Latest column for the Capital Journal, which ran March 16.

Part of my job description is to live like my villagers. I eat their food, wear their clothes, ride their transportation and speak their language. I also have to adopt their values, or learn to manage them.

It never occurred to me that the countries we were raised in determine our values, ones that control our everyday lives, and that others might not see the small things the way we do. It wasn’t until I left America that I realized how American I really am.

There are small differences between the Basotho and Americans. In America, I go from one place to the next without looking up at the stranger I pass. In Lesotho, I greet every man, woman and child on my way to and from school.

Greetings are a simple adjustment, and a pleasant one. However, there are gaps in values that harder to adhere to and, for me, the toughest is time.

In America, almost every activity is given a start time and, often, an ending time. We don’t like things that take too much time and we aren’t fans of waiting. Late people are thought of as rude and we operate on the philosophy “Time is money.”

But in Lesotho, time has very little impact. It’s not uncommon to plan to meet someone at a certain time and they show up an hour late. To them, showing up at all is more important than the actual time.

Buses and taxis have no schedule and when they arrive and depart depends on the car’s fullness. You get in a taxi and may have to wait five minutes or an hour for the driver to be satisfied with the number of passengers. Even when he does leave, he may stop a dozen times to wait for additional customers walking along side roads. The other passengers don’t scream or threaten to find another vehicle; they just wait.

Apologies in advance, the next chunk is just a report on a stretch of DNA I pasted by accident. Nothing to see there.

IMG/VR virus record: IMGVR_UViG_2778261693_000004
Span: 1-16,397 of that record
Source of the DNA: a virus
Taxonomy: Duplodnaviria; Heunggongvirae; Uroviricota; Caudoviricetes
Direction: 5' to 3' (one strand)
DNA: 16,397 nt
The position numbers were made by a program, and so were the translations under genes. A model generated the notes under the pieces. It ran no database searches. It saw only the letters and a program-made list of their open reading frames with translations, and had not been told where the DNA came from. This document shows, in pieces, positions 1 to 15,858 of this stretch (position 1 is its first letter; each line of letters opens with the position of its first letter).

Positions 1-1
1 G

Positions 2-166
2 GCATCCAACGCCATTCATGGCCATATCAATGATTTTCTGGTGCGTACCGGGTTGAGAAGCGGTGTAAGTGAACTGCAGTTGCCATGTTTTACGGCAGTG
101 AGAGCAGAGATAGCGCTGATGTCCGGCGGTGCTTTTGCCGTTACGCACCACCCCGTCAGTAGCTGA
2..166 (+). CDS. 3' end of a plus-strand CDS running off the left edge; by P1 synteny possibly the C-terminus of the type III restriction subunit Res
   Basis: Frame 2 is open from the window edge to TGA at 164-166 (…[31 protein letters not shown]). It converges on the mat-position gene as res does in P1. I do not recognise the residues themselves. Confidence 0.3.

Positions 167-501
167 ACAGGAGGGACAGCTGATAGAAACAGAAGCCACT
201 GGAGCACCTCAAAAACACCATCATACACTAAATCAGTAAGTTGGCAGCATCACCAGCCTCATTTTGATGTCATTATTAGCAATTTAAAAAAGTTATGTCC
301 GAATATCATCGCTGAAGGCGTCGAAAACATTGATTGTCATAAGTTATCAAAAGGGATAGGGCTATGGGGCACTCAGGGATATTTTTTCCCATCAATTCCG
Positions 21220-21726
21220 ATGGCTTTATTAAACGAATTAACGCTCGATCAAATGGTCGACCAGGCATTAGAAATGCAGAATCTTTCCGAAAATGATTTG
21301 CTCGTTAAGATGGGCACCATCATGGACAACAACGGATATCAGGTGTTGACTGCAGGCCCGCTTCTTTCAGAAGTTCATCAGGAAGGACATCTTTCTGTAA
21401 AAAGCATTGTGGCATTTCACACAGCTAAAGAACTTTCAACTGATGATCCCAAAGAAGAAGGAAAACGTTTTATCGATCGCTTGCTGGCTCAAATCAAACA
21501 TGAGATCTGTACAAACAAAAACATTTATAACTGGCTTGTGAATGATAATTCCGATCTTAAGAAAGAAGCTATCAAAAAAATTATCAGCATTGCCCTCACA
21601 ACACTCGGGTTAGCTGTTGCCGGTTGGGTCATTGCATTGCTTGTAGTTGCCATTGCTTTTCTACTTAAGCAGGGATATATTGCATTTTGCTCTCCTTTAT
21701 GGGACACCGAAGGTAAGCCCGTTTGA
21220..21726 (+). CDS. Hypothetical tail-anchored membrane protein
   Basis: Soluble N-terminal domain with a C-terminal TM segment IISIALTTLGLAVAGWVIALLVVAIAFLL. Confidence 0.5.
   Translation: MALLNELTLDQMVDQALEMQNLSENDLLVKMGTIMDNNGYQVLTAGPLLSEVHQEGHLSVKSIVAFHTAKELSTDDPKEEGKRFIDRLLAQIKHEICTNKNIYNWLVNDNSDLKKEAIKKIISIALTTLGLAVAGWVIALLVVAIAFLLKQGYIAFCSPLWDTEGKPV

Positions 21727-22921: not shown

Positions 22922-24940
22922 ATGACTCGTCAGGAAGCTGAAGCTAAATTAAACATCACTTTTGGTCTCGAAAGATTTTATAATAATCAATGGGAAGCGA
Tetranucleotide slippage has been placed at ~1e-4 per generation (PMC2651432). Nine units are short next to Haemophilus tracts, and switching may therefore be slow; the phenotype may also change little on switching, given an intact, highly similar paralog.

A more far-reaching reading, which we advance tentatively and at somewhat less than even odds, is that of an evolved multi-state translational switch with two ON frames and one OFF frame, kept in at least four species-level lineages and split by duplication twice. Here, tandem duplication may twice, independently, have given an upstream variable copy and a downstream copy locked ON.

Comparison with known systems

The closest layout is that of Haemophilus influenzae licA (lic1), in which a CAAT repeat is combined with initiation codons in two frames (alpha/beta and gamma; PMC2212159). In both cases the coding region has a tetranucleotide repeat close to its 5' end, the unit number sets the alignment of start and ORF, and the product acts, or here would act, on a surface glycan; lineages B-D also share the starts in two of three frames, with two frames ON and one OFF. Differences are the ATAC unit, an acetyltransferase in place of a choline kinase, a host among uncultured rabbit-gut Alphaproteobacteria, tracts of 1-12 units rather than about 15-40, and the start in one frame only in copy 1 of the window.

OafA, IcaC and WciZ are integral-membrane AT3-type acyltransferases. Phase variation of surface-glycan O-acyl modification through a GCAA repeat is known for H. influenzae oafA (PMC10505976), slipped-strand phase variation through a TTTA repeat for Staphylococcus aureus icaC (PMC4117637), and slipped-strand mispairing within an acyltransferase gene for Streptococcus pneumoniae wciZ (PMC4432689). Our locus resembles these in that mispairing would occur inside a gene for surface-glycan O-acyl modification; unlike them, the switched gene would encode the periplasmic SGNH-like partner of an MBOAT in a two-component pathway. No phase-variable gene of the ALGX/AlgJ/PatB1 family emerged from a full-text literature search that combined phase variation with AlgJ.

Meetings, events and church services don’t pay attention to run-time and can go as long as four hours. No one leaves upset or stands up to say, “This is a waste of time.” It’s just African time.

I am the only person who wears a watch in my village. I may think the meeting could be wrapped in an hour and there should be no excuse for students who come to school 15 minutes late but I am the foreigner and the only one with time standards. So, I must adapt.

I’ve learned to take a book with me and watch the scenery like a movie. Patience is not a virtue of mine, but I am trying. For 27 years, I lived by the clock, but now I have to relearn to live without it. It’s not easy, but, if I want to live without frustration, I must.



3 thoughts on “Time

  1. Heather,
    I find myself actively taking time out of my week to just…wait. To watch what’s going on around me. To watch the clouds move. To listen to bits of conversations of people passing by. To let life pass as I sit thinking. Embrace the waiting! I’m sure you’re also finding the beauty of Africa-time (or Fiji-time, or Saipan-time…whatever people want to call it). I can attest that while it’s hard get over the frustration and lose the watch, it’s even harder to have to pick the watch back up later in life.
    Much love!

    • Rachel,
      That is great advice. I think I need to do more of that here, just watching and soaking it all in knowing one day it will no longer be there. It’s not easy but I’ll appreciate it 10, 20 years from now. Hope you are doing well!

  2. Rachel makes a great point. In the US, we often spend WAY too much time hurrying or multi-tasking to enjoy the small positive/happy/beautiful details of our lives, or to have time to contemplate/analyze/absorb much of what is around us. Slow down and flow with the lifestream your are in, experience it to its fullest. Certainly some of the insight you show in your posts has come from already starting to do this!

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